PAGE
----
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Chemnitz

Chemnitz is a city in Saxony, Germany. It is located on the northern foothills of the Ore Mountains. Population: 259,246 (2001), Area 220.8 km².

The city is the third largest town of Saxony. It is named after the Chemnitz River, a small affluent of the Zwickauer Mulde River. The word "Chemnitz" is originally Sorbian and means "stony brook".

History

In 1143 there was a Benedictine monastery at the place, and the town grew around the monastery. In 1307 the town became subordinate to the margravate of Meissen (which was the predecessor of the later Saxon state). In medieval times Chemnitz became a centre of textile production and textile trade. More than one third of the population worked for the textile production. This did not change with the industrialisation: factories were established, and in the early 19th century Chemnitz had become an industrial centre ("Saxon Manchester"). In 1913 Chemnitz had a population of 320,000 and is one of very few cities, which were at that time larger than they are today.

In World War II the factories of Chemnitz produced mainly goods for the military. Therefore the city was heavily bombed and almost entirely destroyed.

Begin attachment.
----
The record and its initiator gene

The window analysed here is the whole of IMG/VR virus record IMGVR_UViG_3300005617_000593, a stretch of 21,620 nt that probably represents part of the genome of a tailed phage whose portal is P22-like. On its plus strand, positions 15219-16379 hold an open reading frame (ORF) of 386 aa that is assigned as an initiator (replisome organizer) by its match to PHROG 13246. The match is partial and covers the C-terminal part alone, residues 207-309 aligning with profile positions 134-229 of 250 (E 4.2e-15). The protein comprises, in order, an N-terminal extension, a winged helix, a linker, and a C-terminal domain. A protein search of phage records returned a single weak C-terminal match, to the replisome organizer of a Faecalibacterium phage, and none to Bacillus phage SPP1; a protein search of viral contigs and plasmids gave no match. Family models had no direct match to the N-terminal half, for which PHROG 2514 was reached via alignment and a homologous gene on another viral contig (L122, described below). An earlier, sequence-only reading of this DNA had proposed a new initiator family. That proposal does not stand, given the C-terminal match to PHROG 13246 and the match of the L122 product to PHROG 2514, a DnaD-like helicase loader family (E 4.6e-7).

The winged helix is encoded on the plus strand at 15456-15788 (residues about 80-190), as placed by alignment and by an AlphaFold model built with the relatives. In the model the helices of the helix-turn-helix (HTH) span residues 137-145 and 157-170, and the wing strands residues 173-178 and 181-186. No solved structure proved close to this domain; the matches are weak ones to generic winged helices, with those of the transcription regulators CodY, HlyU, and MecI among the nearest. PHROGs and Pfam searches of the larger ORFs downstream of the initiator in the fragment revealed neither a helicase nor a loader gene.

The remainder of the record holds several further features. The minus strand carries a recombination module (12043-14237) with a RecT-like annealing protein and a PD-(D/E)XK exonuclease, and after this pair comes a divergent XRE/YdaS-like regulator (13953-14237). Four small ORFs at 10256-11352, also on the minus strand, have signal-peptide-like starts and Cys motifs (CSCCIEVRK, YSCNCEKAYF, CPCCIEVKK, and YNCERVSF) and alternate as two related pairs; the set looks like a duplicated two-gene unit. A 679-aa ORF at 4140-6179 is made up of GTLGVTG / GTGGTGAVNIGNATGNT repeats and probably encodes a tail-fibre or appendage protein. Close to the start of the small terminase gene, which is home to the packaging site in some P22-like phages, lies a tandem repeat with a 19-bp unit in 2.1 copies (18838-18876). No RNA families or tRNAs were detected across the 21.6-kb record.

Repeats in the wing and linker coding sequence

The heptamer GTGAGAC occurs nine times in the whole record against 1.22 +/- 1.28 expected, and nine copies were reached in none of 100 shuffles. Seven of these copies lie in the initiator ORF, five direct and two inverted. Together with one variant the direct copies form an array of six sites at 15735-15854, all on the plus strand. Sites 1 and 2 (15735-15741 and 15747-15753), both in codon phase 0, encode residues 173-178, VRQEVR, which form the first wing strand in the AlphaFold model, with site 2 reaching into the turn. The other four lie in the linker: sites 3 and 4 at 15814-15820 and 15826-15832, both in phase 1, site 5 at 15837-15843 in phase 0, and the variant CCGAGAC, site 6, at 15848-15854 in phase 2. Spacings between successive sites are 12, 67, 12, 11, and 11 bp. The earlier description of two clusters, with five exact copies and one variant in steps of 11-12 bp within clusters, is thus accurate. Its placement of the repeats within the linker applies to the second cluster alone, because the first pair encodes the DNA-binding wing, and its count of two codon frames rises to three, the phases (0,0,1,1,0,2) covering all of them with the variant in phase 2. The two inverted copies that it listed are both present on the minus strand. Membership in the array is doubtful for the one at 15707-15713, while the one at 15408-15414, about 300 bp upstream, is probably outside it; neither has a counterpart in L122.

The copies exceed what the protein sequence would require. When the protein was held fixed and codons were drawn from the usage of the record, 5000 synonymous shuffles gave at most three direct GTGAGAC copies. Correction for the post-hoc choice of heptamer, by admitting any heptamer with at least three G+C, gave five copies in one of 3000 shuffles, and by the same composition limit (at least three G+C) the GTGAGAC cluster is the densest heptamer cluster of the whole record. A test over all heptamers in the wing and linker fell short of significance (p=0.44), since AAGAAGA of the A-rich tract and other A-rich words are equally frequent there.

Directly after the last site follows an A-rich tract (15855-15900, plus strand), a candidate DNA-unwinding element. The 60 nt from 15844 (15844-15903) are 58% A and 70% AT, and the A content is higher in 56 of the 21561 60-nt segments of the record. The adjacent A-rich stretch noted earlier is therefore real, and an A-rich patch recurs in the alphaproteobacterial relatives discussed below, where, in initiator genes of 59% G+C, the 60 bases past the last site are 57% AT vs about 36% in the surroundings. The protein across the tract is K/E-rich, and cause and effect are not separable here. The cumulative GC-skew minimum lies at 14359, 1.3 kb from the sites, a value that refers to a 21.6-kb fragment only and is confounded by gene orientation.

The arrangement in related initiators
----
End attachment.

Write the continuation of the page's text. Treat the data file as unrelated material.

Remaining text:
The East German government decided to turn Chemnitz into a socialist model city. Boroughs full of concrete slab buildings were erected around the city centre, and most of the ancient buildings were not revived. In 1953 Chemnitz was renamed to Karl-Marx-Stadt ("Karl Marx City"). After the German Reunification in 1990 the population decided in a referendum to take the original name back.

Sights

Due to the Stalinist planning[?] of the 1950s there are few sights, although there was much restoration of old buildings after the German Reunification. There is still a giant bronze monument depicting the head of Karl Marx. Other sights include the Old Town Hall with its Renaissance portal (15th century), the Red Tower (12th century) and the castle on the territory of the former monastery.

External link

Official website (http://www.chemnitz.de) (German, English)



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